Candidates for Chicago Mayor Face Tough Path to Ballot, City Hall
Tuesday’s surprise announcement by Mayor Rahm Emanuel has triggered a flurry of speculation about who is and is not going to throw their hat into an already overflowing ring.
Ald. Ricardo Muñoz, 22nd Ward, who announced this summer he would retire from City Council at the end of his current term, intends to run and says he will have petitions out by Friday.
Illinois Comptroller Susana Mendoza, who is running again for that post in November’s election, made joking allusions to her rumored mayoral ambitions in a speech Wednesday at the City Club of Chicago. Speaking to reporters afterward, Mendoza would only say that she’s focused on her current race.
Cook County Board President Toni Preckwinkle is reportedly eyeing a run (her campaign says they are not yet going to make a statement). U.S. Reps. Mike Quigley and Luis Gutierrez, who is retiring after this term, are also among those rumored to be considering the race, along with outgoing Illinois Attorney General Lisa Madigan, and former U.S. Education Secretary and Chicago Public Schools CEO Arne Duncan.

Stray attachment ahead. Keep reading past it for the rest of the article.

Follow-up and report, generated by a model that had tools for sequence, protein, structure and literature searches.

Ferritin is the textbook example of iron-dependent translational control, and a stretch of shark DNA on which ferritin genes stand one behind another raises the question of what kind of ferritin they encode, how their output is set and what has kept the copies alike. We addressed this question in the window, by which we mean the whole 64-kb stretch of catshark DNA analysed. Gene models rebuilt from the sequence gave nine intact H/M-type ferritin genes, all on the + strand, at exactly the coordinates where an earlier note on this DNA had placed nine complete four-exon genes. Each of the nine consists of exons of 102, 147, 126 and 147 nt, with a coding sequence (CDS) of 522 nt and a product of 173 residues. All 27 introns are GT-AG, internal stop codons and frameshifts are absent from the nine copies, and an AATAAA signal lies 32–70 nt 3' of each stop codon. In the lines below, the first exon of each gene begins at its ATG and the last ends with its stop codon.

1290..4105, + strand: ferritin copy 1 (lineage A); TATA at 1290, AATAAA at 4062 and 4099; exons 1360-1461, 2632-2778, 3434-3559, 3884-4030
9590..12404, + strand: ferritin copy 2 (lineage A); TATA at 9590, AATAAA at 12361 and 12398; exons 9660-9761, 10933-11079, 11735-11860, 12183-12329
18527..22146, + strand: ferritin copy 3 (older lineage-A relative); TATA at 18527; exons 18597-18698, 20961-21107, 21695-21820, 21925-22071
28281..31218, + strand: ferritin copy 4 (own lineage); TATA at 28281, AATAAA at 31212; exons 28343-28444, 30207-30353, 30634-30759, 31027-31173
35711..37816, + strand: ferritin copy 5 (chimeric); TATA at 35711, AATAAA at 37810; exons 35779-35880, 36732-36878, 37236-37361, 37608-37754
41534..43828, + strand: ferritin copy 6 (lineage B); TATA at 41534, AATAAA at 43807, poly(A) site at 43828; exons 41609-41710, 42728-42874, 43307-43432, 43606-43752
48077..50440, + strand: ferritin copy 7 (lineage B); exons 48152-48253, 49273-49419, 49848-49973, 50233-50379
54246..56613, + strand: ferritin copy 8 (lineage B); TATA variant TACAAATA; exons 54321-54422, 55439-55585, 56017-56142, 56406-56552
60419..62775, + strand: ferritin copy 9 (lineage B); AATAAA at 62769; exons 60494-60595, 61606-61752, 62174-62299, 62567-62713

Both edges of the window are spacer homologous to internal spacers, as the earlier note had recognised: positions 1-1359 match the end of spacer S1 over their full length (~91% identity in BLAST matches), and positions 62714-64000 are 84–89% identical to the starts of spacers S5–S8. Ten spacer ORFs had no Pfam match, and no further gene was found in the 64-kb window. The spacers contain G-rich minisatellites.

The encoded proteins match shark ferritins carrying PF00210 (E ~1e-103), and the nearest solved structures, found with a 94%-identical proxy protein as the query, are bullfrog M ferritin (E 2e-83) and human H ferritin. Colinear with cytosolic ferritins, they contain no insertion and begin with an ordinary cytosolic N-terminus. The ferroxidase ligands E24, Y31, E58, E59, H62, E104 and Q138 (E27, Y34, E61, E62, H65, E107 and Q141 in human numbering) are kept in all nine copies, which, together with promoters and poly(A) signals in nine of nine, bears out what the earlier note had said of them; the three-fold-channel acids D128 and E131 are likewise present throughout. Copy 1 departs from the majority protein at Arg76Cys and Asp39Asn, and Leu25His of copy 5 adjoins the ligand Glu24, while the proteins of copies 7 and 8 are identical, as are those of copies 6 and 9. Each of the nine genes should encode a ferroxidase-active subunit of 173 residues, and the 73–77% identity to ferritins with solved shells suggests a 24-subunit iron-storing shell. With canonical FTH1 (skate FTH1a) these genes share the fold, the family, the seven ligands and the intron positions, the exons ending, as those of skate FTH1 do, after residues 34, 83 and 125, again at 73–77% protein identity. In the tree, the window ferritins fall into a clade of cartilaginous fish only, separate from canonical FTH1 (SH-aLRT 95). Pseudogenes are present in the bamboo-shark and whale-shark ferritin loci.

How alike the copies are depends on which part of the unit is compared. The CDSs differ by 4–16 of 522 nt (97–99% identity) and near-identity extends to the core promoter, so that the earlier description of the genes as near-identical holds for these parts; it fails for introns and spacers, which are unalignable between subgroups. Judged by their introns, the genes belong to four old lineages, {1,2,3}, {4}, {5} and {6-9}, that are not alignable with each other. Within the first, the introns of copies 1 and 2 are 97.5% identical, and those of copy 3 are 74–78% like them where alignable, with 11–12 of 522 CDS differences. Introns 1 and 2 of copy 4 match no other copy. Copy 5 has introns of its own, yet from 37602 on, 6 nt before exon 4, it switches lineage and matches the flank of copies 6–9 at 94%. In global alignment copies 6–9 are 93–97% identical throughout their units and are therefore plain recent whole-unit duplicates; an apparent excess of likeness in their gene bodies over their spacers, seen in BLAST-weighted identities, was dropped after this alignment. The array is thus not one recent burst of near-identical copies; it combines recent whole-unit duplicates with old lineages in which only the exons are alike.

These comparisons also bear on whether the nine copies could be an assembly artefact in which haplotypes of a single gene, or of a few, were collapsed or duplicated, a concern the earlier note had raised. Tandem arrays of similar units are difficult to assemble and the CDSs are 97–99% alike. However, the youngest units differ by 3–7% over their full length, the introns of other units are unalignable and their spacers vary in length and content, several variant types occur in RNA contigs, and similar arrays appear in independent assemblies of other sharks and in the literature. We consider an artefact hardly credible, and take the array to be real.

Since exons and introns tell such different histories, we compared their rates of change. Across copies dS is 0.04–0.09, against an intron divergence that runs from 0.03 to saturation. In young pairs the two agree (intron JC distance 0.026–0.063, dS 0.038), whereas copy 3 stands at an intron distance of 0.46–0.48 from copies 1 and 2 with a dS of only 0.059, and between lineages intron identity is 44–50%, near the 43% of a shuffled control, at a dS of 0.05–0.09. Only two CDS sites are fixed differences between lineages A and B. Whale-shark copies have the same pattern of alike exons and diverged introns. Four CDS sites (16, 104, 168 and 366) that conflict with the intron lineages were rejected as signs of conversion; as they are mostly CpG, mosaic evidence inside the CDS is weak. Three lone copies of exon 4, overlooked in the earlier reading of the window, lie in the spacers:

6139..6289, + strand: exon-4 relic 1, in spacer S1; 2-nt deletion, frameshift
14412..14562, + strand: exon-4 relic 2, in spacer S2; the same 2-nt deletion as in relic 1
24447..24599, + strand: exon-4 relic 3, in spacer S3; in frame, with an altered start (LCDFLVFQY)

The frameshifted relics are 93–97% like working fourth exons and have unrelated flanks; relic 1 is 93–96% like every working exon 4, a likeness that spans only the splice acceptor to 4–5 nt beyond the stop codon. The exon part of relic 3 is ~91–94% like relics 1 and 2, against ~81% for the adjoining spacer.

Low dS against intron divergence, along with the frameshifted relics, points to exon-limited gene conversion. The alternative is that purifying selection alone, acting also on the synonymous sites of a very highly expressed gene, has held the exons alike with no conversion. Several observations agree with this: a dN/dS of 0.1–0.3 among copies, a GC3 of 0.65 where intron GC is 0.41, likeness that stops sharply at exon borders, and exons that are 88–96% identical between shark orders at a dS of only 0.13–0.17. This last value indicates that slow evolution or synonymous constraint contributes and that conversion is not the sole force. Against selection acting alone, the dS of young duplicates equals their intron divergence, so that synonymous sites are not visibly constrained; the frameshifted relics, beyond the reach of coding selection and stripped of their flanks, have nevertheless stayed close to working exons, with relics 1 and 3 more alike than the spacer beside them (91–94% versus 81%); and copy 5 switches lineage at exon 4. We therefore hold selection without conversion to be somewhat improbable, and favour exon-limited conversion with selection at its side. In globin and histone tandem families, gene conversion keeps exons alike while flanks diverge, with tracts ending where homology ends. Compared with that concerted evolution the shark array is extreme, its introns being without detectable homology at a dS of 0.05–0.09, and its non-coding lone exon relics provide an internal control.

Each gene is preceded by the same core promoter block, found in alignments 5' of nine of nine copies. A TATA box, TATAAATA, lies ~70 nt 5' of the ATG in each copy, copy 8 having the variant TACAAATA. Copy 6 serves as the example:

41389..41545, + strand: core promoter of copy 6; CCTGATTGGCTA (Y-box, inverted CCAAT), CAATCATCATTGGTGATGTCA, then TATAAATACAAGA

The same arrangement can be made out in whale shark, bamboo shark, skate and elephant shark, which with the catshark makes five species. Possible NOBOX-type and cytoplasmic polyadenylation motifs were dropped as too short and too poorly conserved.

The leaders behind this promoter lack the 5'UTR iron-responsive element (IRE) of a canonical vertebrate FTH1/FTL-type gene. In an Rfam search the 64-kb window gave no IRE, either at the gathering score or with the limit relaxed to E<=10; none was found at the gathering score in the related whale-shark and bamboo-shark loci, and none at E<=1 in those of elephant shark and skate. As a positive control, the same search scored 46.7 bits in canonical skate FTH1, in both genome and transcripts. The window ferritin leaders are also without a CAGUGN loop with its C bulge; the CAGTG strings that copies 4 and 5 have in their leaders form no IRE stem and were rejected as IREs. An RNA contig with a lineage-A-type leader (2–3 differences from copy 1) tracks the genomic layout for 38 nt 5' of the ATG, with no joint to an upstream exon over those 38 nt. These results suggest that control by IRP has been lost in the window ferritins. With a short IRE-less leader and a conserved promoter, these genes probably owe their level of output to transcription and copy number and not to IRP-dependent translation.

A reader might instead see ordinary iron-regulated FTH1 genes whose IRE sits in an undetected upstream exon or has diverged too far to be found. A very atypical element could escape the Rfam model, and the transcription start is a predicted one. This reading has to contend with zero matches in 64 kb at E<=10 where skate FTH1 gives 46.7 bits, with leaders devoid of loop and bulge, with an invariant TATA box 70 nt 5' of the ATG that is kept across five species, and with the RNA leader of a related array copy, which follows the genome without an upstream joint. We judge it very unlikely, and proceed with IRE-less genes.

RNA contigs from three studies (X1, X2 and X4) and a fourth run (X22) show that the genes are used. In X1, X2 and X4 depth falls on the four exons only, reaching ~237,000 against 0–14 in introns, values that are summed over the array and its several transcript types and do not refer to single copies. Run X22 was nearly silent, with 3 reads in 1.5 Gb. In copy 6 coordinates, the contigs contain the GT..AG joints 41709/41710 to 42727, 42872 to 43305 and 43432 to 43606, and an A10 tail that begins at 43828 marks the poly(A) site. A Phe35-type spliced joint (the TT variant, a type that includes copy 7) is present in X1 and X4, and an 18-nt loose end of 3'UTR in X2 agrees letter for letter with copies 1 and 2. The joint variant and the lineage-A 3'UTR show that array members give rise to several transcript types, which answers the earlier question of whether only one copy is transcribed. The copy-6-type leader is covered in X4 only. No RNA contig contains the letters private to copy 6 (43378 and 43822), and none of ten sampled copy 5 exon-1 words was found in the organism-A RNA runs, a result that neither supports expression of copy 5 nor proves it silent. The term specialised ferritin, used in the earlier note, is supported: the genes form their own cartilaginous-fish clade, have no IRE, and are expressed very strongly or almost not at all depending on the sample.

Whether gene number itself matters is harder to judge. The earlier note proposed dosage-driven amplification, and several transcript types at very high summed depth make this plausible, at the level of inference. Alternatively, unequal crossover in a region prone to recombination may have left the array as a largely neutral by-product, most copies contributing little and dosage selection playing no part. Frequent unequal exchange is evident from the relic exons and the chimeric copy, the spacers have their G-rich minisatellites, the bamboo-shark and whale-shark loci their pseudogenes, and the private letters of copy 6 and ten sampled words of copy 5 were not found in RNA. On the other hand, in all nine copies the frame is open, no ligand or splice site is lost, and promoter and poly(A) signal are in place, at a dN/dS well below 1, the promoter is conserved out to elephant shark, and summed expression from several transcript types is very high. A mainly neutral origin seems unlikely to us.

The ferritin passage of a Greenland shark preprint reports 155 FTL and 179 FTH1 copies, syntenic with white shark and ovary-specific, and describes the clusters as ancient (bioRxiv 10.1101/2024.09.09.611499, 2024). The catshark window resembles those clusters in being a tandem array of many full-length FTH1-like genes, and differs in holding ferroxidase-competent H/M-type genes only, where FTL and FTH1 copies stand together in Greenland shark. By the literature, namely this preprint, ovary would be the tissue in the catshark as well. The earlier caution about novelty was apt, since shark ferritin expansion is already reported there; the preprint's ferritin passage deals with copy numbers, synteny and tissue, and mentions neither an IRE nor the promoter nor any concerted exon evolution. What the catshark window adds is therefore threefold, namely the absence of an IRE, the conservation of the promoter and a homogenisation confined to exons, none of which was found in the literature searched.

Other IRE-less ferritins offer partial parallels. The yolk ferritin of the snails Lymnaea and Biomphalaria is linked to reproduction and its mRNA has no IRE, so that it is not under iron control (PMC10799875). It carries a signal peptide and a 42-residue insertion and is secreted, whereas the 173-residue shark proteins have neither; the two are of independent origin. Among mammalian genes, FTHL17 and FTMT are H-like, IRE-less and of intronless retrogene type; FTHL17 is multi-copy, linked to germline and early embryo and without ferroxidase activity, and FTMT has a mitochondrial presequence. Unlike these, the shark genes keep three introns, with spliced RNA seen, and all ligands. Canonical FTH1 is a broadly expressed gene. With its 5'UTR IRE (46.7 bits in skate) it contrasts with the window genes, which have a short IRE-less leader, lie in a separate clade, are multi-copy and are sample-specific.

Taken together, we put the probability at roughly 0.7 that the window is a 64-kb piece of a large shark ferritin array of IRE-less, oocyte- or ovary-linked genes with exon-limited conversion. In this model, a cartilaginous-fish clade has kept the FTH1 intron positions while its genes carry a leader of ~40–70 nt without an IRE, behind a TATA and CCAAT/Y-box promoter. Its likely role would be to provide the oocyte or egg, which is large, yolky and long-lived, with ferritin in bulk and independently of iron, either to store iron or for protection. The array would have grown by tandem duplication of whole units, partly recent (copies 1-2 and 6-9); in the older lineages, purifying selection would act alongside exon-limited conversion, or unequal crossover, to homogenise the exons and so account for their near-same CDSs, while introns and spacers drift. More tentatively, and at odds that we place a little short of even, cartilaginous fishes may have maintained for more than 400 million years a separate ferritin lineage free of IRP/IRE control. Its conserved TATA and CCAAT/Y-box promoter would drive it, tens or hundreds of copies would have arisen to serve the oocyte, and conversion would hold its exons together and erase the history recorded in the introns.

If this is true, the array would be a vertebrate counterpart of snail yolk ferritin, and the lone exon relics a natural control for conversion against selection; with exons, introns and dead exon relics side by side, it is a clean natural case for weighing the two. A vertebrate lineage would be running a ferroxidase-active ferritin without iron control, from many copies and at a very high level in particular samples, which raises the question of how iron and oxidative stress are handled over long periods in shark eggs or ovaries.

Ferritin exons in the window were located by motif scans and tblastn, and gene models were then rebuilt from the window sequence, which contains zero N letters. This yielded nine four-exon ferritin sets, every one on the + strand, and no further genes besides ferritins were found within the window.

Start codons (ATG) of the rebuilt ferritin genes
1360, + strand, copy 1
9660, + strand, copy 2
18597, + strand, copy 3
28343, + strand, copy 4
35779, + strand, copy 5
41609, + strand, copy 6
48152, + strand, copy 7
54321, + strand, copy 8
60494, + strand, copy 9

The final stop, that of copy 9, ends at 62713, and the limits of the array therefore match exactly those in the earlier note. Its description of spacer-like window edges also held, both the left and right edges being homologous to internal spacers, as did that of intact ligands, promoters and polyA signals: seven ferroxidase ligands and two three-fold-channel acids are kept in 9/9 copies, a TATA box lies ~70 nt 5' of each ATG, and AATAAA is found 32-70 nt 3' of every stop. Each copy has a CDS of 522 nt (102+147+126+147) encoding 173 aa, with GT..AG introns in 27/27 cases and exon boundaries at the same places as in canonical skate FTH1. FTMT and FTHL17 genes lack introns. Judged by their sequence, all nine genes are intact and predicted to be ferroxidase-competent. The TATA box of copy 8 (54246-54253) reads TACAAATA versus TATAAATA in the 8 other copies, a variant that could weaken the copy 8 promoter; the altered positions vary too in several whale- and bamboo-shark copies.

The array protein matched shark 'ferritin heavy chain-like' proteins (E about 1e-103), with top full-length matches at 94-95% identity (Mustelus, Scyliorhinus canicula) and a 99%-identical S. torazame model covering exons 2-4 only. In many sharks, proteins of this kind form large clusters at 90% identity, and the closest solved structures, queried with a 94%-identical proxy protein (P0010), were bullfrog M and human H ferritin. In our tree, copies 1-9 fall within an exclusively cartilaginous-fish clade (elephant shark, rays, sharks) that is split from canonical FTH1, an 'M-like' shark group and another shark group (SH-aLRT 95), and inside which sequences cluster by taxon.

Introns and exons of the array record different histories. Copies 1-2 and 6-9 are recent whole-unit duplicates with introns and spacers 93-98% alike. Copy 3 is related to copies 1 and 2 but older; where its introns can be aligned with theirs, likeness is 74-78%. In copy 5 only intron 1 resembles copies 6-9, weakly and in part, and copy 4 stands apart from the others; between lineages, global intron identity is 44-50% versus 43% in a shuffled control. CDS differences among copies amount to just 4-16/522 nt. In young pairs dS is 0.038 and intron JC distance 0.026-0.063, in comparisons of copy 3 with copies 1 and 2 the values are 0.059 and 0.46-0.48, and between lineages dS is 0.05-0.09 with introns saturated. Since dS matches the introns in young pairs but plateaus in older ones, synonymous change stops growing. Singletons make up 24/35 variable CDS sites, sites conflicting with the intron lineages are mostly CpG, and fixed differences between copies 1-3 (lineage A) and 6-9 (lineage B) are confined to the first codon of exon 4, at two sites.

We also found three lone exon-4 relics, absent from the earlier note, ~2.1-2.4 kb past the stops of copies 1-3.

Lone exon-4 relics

But while it’s easy to consider a bid for mayor – or announce a campaign – running for office successfully is far more complicated than shaking hands and raising money.
Candidates for mayor must collect 12,500 signatures to get on the ballot, but the rule of thumb is to collect double that number at a bare minimum. Additionally, in a nonpartisan election like Chicago’s, the same person cannot sign a nominating petition for more than one candidate – a rule that makes it harder still for candidates to collect enough signatures that won’t be successfully challenged as invalid.
Those nominating petitions are due Nov. 26, and the deadline for filing objections to a candidate’s signatures is five days after that. (Those objections, as they do every year, will come.) The candidates with the best capacity to collect valid signatures (and the best legal help to withstand and launch challenges) stand the best chance of making it to the ballot.
Then, there is the small matter of the campaign itself: The election will be held on Feb. 26 with a runoff election on April 2 if, as is widely speculated, no candidate gets a majority of votes.
Whomever is ultimately elected will be sworn into office on May 20, 2019.